Vigilante in a fix
Real-life superhero runs afoul of the law.
FABIO Heuring was standing outside a Seattle nightclub on a Saturday night and smoking cigarettes with a friend when a man bolting from a bouncer ran into them. The enraged man ripped off his shirt in the middle of the street and prepared to give Heuring’s buddy a beating.
Just then, in swooped a bizarre sight: a self-proclaimed superhero in a black mask and matching muscle-suit. He doused the aggressor with pepper spray, much to Heuring’s shocked relief.
A couple hours later, though, the superhero ended up in jail for investigation of assault after using those tactics on another group of clubgoers, sending pangs of anxiety through the small, eccentric and mostly anonymous community of masked crime-fighters across the United States.
The comic book-inspired patrolling of city streets by “real life superheroes” has been getting more popular in recent years, thanks largely to mainstream attention in movies like last year’s Kick-Ass and the recent HBO documentary Superheroes.
And as the ranks of the masked, caped and sometimes bullet-proof-vested avengers swell, many fret that even well-intentioned vigilantes risk hurting themselves, the public and the movement if they’re as aggressive as the crime-fighter in Seattle.
Some have gone so far as to propose a sanctioning body to ensure that high superhero standards are maintained.
“The movement has grown majorly,” says Edward Stinson, a writer from Boca Raton, Florida, who advises real-life superheroes on a website devoted to the cause.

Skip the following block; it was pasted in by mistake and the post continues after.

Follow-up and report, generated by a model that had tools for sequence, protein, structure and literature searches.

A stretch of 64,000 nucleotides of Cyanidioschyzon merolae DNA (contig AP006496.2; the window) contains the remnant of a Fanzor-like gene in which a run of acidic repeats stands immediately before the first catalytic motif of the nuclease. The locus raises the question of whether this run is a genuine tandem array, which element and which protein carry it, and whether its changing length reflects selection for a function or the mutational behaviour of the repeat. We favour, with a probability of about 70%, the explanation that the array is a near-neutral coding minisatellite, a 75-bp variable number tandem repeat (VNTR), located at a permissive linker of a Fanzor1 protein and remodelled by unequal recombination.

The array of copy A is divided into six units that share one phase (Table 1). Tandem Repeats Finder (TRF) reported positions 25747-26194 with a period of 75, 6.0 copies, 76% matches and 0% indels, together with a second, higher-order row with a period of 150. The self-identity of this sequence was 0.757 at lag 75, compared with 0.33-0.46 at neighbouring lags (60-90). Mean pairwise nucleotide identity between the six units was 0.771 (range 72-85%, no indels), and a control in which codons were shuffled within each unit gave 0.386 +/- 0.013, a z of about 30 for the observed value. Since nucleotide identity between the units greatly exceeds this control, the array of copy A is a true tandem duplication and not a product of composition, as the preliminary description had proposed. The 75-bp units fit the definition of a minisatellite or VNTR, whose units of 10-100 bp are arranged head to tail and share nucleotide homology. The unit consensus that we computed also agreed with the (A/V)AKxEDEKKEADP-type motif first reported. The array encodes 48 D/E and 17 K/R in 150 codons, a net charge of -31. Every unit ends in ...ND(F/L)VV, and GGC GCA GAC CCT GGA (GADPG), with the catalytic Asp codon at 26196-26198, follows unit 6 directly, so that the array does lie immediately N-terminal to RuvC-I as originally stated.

“What I tell these guys is: You’re no longer in the shadows. You’re in a new era. Build needed to defend.”
But many in the vigilante community point to Fodor’s arrest as a watershed moment. As more people – often, young people – fashion themselves into superheroes, they risk finding themselves in similar situations where they wind up hurting innocent members of the public or being shot, stabbed or beaten themselves. Such negative attention could doom the movement, they say.
Filmmaker Michael Barnett followed 50 real-life crime-fighters for 15 months for his documentary Superheroes. Many have great intentions, he says, but that doesn’t mean their methods are proper.
“The police by and large appreciate an extra set of eyes, but they really, really want these guys to do it according to the law,” Barnett says.
Masked crusaders began appearing in the 1970s with San Diego’s Captain Sticky, who used his Superman-like costume to fight rental car rip-offs and for tenant rights, Barnett says. They spread throughout the US in the 1980s and 1990s, and became more popular thanks to the faster communications and online support communities of the Internet.
Barnett says he has met plumbers, teachers, cashiers and firefighters who leave their day jobs behind every night in the name of security. Their weapons include pepper spray, stun guns and batons. Relatively few have any combat training or any formal knowledge of how to use their arsenal, he says.
That concerns the professional crimefighters.
“If people want to dress up and walk around, knock yourself out,” says Seattle police spokesman Mark Jamieson. “Our concern is when you insert yourself into these situations without knowing the facts, it’s just not a smart thing to do.” – AP